From the outset of the drafting process, careful attention was paid to building a consensus view. Drafts of chapters would circulate amongst Committee members and staff prior to being formally discussed by the Committee. This meant that problem areas could be identified early on in the process and flagged for full discussion. Debate at Committee meetings focussed on substantive policy issues, with editorial changes handled “off-line”, since, as the Chair of the Committee often told Committee members, “group edits rarely work.” Significantly, no formal votes were ever held to resolve disagreements over policy issues or the content of a recommendation. Senator Kirby preferred to resolved major differences of opinion through discussion, which often resulted in compromises in the phraseology of the text.

In order to meet its ambitious timeline the Committee often met outside of its regular sitting hours and met long into the evening. On several occasions the Committee convened even when the Senate itself was not in session.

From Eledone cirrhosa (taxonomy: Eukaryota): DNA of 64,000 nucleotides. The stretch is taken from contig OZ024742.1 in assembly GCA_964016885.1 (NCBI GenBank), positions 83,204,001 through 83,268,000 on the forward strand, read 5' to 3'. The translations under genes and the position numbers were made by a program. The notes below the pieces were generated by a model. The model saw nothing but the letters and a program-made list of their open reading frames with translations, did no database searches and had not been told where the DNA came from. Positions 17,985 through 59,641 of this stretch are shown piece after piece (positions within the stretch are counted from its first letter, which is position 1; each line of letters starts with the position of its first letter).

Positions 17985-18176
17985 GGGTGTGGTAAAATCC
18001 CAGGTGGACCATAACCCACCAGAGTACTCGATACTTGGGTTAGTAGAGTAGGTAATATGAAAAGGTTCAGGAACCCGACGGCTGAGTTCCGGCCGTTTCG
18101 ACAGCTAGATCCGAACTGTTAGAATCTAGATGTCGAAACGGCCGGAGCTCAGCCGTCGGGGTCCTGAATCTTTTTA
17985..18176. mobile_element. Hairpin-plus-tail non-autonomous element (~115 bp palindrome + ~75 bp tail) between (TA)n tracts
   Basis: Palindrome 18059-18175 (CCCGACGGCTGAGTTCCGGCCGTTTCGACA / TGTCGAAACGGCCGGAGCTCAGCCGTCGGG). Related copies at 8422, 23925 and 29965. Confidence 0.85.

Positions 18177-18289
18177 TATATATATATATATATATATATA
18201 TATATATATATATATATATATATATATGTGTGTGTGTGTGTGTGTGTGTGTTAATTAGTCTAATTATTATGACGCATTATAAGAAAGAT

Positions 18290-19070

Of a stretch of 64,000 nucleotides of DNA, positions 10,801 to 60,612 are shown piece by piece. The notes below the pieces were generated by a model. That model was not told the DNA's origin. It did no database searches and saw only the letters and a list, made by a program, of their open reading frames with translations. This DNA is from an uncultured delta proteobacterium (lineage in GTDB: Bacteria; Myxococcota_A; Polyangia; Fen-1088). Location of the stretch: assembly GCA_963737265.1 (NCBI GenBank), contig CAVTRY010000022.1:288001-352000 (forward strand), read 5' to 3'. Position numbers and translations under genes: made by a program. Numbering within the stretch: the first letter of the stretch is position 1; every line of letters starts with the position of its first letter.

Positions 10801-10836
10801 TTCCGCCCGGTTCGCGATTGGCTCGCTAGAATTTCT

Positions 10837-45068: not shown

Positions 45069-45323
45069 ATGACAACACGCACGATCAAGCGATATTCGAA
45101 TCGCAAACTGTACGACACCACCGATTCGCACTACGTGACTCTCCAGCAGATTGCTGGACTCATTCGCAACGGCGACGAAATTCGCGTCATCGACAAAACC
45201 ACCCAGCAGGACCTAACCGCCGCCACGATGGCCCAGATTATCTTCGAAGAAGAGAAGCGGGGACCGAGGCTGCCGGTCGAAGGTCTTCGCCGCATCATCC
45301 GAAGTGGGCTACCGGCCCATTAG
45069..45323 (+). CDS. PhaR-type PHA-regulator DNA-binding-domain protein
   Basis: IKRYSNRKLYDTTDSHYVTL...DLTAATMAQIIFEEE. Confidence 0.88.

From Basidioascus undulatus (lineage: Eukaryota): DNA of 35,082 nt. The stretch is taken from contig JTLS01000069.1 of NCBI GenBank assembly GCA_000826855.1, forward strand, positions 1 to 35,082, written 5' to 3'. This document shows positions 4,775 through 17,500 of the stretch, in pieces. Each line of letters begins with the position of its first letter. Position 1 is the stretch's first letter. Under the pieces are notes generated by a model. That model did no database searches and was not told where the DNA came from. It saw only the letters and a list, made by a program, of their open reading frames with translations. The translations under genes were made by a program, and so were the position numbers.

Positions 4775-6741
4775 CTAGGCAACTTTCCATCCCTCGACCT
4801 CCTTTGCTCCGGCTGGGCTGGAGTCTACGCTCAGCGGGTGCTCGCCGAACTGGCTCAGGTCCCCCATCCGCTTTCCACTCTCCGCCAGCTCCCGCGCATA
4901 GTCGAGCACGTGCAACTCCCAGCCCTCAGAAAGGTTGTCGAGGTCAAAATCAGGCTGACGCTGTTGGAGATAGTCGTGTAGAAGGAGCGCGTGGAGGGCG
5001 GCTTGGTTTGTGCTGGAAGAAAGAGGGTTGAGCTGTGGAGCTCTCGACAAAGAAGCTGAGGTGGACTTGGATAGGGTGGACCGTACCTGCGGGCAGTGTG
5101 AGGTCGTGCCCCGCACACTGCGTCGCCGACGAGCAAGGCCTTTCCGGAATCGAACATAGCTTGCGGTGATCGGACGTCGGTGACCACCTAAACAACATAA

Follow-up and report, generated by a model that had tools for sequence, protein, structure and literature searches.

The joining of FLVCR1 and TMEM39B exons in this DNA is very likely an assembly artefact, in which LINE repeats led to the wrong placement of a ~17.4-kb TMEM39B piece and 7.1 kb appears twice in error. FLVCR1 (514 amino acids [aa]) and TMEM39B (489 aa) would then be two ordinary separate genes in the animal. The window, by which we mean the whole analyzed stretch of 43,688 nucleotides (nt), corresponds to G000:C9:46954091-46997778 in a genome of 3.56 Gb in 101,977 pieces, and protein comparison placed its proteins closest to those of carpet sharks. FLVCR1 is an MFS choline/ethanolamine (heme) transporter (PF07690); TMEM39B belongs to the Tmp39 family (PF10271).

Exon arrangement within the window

The Committee’s consideration of the issue of user-fees provides a specific example of the evolution of its collective internal thinking process. In Volume Four, the issues and options paper, the Committee listed user-fees (payments directly from the patient to the health facility at the point of service) as a possible option for increasing the revenue for the health care system. Everyone recognized that this was a controversial issue, and Committee members themselves were initially divided over this question. However, extensive national and international evidence raised serious questions about the usefulness of this funding mechanism for Canada. Thorough discussion took place amongst individual Committee members, reaching a peak during the Committee’s cross-Canada hearings. A consensus finally emerged that the best evidence showed that user-fees are not an effective option for raising revenue and, moreover, that they can generate inequality in access to health services. As a result, the Committee recommended in Volume Five that user-fees not be considered as a policy option.